Questions that were asked of the president mirrored many of those that have been asked in other venues, for example touching on his statements about the Holocaust and the state of Israel, Abdullah said. The Brethren group noted one panelist who said she had heard the president speak differently of the Holocaust in private settings than the inflammatory rhetoric he uses publicly, and asked him to speak publicly the way he speaks privately. Another panelist asked him to envision what kind of peace was possible if Iran and the US began to talk again.

However, President Ahmadinejad did not really answer questions, Abdullah said. “He basically stuck to his talking points used in other presentations,” she said. “He did say that any talks (between the US and Iran) would have to be fair and would have to follow international law.” She said the president’s remarks emphasized that the US has a stockpile of nuclear weapons and 100,000 people on Iran’s borders, and that the Iranians are the ones who should feel threatened. He also asked why chemical weapons were used against his people during the time of Iran’s war with Iraq, and reiterated his view that Palestinians are being punished for the Holocaust. He asked the group, “Who told the US we were responsible for the world?” Abdullah added.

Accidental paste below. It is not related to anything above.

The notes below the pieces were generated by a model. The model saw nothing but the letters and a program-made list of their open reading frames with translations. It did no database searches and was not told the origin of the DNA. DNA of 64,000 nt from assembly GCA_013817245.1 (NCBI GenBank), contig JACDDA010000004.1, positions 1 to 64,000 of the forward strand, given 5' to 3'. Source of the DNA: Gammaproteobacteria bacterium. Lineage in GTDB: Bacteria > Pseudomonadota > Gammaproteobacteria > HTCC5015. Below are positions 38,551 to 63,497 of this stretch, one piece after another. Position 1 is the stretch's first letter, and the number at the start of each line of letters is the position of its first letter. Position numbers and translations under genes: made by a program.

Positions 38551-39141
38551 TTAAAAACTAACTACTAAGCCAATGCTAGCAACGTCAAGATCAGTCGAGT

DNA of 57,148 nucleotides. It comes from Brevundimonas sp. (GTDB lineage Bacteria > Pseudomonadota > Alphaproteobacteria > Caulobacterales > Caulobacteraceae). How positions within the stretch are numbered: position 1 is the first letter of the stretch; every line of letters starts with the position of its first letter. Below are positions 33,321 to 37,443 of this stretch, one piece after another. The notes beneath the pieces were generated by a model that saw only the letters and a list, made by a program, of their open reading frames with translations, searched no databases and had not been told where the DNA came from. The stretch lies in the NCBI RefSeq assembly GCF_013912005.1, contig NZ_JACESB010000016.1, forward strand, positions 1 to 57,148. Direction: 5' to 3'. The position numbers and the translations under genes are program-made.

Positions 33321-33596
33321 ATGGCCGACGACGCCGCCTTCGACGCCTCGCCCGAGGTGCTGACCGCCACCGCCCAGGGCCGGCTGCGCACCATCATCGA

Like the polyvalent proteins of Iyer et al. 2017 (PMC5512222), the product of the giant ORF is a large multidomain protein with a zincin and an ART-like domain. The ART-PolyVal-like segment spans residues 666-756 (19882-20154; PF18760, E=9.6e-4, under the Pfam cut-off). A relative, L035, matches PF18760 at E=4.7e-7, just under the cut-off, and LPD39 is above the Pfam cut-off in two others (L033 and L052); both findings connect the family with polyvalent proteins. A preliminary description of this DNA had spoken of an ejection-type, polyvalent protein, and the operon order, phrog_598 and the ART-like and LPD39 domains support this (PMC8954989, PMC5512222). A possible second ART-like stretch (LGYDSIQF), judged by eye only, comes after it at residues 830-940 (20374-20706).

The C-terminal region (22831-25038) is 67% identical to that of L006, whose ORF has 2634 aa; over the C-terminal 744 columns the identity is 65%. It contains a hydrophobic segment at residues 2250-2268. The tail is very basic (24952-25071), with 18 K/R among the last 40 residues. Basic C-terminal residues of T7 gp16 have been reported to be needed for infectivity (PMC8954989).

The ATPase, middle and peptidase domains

“A lot of people may say the religious community comes to this out of some naive perspective,” said Jones. “I come to this from a place of hope, out of humble prayer. Dialogue can lead to understanding.”

Jones said he and a group of US Christian leaders have asked for a meeting with President Bush to talk about the situation with Iran, and to talk about the underlying issues that can lead to war, but they have not yet had that opportunity. They had that opportunity with the president of Iran today, he noted.

“It was important that the Church of the Brethren was at the table,” Jones said. “We came representing a people of nonviolence. We have a responsibility as the people of Christ to make our voice heard.” Jones said the Matthew 18 passage “is imperative to who we are as a faith community. If we can carry that to the political community, everyone benefits.”

For more information contact the Brethren Witness/Washington Office, 337 N. Carolina Ave., SE, Washington, DC 20003; 202-546-3202; 800-785-3246; washington_office_gb@brethren.org.